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Obama's FY 2014 Budget on Medicaid


Dan Barrett
April 9, 2013

In this final post, I delve into what President Obama's FY 2014 Budget might do to Medicaid funding. Note: Figures are in ten-year windows (not the usual five-year increments under the BillTally project).

Program update: Using Congressional Budget Office data, the Kaiser Commission on Medicaid and the Uninsured projects an average eight percent spending increase for each of the next ten years, which is mostly due to the program’s expansion under the Affordable Care Act. Like Medicare, Medicaid costs are also expected to up-tick with many recipients getting older and requiring more costly care more often. So, in the short run, Medicaid and CHIP (the children's version of Medicaid) spending will increase by $638 billion before FY 2023.

What’s projected:

  • Eliminate Pay-For-Delay Drug Agreements ($753 million): Currently, drug companies are incentivized to pay generic drug makers to not reproduce their patented drugs for years at a time so that the company who created the drug gets compensated for research, development, and marketing costs. Possibly resulting in savings to Medicaid and even Medicare, President Obama would cut these agreements.
  • Expand Program Integrity (Unknown): In late 2012, the Government Accountability Office analyzed options for eliminating duplicative programs and improving efficiency under the Centers for Medicare and Medicaid Services (CMS). GAO found that an estimated $21.9 billion of Medicaid in FY 2011 expenditures were improper. Though the government should be fighting waste, fraud, and abuse, it is unclear how much more spending would be allocated to enhance integrity programs that are already in effect.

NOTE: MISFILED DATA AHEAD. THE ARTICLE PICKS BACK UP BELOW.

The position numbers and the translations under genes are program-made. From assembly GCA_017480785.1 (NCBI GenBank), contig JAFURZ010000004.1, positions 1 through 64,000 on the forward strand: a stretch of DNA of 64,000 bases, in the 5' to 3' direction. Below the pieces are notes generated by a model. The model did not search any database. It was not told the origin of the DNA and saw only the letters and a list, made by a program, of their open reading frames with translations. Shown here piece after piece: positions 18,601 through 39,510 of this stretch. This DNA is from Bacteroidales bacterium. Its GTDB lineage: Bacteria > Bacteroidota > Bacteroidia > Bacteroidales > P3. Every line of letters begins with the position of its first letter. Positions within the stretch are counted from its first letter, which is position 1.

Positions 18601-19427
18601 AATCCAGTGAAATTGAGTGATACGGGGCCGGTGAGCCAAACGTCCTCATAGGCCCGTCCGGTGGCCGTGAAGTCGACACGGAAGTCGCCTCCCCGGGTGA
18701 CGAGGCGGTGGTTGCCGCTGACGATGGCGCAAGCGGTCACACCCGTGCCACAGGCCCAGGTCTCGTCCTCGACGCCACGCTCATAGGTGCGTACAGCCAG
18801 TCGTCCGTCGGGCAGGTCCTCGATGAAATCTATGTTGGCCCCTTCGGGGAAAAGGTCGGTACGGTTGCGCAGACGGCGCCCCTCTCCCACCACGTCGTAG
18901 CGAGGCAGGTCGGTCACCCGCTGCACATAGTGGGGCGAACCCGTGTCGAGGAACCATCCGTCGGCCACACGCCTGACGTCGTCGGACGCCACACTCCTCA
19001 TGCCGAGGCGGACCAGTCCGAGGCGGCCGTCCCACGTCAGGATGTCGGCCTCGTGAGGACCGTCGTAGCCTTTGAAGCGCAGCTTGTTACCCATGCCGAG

• Empower the Independent Payment Advisory Board ($3.1 billion): Since its creation in 2010, IPAB has not yet made recommendations to change health care spending but CMS is tasked with starting IPAB’s work this year. In the past, the Congressional Budget Office has cited that the Board could save tax dollars but also said that the savings projections are "extremely" uncertain but maintains that the Board would save $3.1 billion over ten years.
  • The FY 2013 Budget called for the eventual reevaluation of payments made to Disproportionate Share Hospitals and a phased down provider tax credit threshold, among other smaller provisions. All told, these other measures could total $51.6 billion over ten years.

What this means: Given the Affordable Care Act’s broad expansion of Medicaid, it is difficult to say whether these reforms would mean real savings for taxpayers or if they could even stem the tide of high costs that are likely to occur. The Fiscal Times credited these three measures with a $25 billion savings but they are uncertain, conditional, and perhaps overly optimistic. Just as with Medicare, the full amount of savings do not make up for the projected growth in outlays and more fundamental reform (or revenue increases) are required.


 

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